afraid to speak out – I am downright
terrified to speak out against the injustices that I see happening around us.
History proves that things don’t work
out too well for people like me who
speak out when it is unpopular to do so.
But I do it anyway, because I come to
my decisions, not based on fantasy, but
instead based on rational observations,
with logic and reason as my primary
instruments. History is my guide and
oracle. I refuse to stay silent in the face
of injustice. Silence has served as the
conduit that allowed some of the most
‘wicked’ people in history to rise to positions of power. Most people remain
silent when they are afraid. When we
are paralyzed by fear we leave room
for wickedness to take hold, of both
our minds and our society. I speak out
because I refuse to be part of the fearful
collective majority that chooses to close
its eyes and look the other way.
History will not forgive those who
look the other way!
The denial of the bail appeal for
Sam Zherka is a gross distortion of
justice and a misuse of our legal system.
It threatens each and every one of us.
Today it is Sam Zherka who assumes
the role of David reluctantly battling
Goliath, but be forewarned, tomorrow it
could be you! None of us are free or safe
if even one of us is treated unjustly by the
American legal system.
I’m going to leave off with a remix of
the quote that I opened this article with.
“First they came for your taxes, but
Sam Zherka did speak out.
Then they came and attacked the
First Amendment, but Sam Zherka did
speak out.
Then they came for Sam Zherka, and
this time we are not afraid to speak out!”
-Kurt Colucci follow on Twitter @
kurtcolucci
and weak areas of the city, especially its
business areas.
The Chief Executive Officer
of North Star Destinations, Don
McEachem, thought the branding
of New Rochelle would be useful in
“managing the conversation” as to how
New Rochelle could be identified. The
company compiled a list of questions
after meetings were held with some
community leaders who wanted to
discuss New Rochelle’s strengths and
weaknesses.
Northern Star Destinations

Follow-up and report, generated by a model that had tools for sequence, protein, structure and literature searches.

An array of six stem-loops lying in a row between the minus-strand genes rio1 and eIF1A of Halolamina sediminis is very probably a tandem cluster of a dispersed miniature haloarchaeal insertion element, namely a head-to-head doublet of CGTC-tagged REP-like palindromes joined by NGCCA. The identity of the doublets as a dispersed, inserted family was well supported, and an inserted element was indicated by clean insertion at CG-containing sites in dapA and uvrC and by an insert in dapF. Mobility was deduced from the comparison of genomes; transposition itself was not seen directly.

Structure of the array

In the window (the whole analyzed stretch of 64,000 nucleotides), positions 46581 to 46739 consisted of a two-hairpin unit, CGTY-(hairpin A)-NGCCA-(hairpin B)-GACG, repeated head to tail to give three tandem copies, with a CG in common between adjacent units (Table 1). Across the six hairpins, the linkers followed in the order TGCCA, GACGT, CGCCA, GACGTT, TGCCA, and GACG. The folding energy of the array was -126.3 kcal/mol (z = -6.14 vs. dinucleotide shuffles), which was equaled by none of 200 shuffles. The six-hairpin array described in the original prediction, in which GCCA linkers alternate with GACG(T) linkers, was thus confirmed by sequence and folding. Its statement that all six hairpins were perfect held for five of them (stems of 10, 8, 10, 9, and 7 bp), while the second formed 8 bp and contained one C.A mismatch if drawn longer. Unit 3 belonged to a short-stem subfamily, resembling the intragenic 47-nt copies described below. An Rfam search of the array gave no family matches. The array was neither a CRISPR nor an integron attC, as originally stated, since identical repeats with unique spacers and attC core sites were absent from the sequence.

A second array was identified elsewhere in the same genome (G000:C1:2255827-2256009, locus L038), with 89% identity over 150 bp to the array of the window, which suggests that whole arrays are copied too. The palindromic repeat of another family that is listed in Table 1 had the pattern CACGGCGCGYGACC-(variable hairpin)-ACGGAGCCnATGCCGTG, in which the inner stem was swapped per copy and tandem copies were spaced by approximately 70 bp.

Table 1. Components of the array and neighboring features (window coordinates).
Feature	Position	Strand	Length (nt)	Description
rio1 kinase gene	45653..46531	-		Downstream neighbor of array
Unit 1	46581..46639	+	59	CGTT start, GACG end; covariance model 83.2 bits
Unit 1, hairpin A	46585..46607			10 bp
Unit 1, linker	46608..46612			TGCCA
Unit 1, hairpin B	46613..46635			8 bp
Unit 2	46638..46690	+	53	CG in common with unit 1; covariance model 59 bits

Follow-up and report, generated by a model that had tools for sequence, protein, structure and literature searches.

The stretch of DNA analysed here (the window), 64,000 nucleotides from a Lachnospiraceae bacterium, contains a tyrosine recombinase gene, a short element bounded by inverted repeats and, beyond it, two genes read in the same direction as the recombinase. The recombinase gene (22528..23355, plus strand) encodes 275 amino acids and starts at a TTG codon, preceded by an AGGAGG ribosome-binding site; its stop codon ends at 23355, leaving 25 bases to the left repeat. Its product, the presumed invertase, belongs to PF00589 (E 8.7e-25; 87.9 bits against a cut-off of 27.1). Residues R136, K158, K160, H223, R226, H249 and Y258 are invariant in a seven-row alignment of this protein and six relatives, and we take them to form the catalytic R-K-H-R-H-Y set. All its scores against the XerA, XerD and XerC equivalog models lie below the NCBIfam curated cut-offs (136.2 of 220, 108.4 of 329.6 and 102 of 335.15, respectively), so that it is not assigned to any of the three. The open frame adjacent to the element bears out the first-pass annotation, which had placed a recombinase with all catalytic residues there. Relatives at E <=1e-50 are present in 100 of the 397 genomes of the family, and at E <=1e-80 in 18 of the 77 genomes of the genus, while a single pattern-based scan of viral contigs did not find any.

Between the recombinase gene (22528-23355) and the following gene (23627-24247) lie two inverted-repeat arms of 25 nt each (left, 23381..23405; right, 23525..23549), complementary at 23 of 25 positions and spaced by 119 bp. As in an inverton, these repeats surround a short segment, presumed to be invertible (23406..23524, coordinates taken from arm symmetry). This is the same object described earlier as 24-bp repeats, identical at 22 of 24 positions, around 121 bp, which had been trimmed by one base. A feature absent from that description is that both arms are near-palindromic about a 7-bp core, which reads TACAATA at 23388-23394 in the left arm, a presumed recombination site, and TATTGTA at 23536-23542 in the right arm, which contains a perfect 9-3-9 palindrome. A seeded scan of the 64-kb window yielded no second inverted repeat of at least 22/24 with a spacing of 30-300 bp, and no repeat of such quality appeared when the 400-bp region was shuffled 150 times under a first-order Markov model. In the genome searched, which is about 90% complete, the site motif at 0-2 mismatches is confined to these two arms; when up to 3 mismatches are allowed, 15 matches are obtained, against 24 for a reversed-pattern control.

produced a twenty-five item
questionnaire which was placed on the
city’s website. The questions had to be
completed by December 14, 2014, a
busy time of year for most residents
and it is not clear how many responses
were received. However, the entire
questionnaire can still be read on the
City of New Rochelle’s website. Most
questions were designed to allow participants to select one of 4-5 potential
pre-written answers and some answers
required rating one’s response on a scale
of 1-10, although there were opportunities at various points to write in an
answer. The questions asked residents
to evaluate New Rochelle as a place to
live and in which to work and shop, in
and of itself and relative to neighboring
communities. The survey asked residents to identify the city’s three greatest
assets, the two greatest assets for future
growth and what is missing from the
downtown experience. Several other
questions tried to identify the perception
of ethnic diversity throughout the city
and whether this diversity is an advantage or a disadvantage. One question
asked, “If New Rochelle was a famous
person, who would it be?”
Opinions were sought from residents,non residents and business owners.
COMMUNITY
New Rochelle Branding Survey
By Peggy Godfrey
New Rochelle awaits the results of a
branding questionnaire and community
outreach by North Star Destinations,
the Nashville, TN company hired by the
city last year. In the meantime, RDRXR
has also been designated by the City of
New Rochelle to survey public opinion
on proposed downtown development.
Scheduling these two initiatives
so closely together hopefully will not
confuse residents. RDRXR anticipates
opening a storefront in New Rochelle
where residents will be able speak
with RDRXR staff to express their
views but a definitive location has not
yet been announced. RDRXR will
mainly address redevelopment of the
downtown area, while the goals of the
branding are more elusive. North Star
Destinations reached out to the community using visionary meetings last
September (2014) to find out how
residents and businesses label the strong
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THE WESTCHESTER GUARDIAN
Thursday, FEBRUARY 12, 2015
Page 5
identification, household income and
whether the respondent is a resident
or business owner are listed as choices.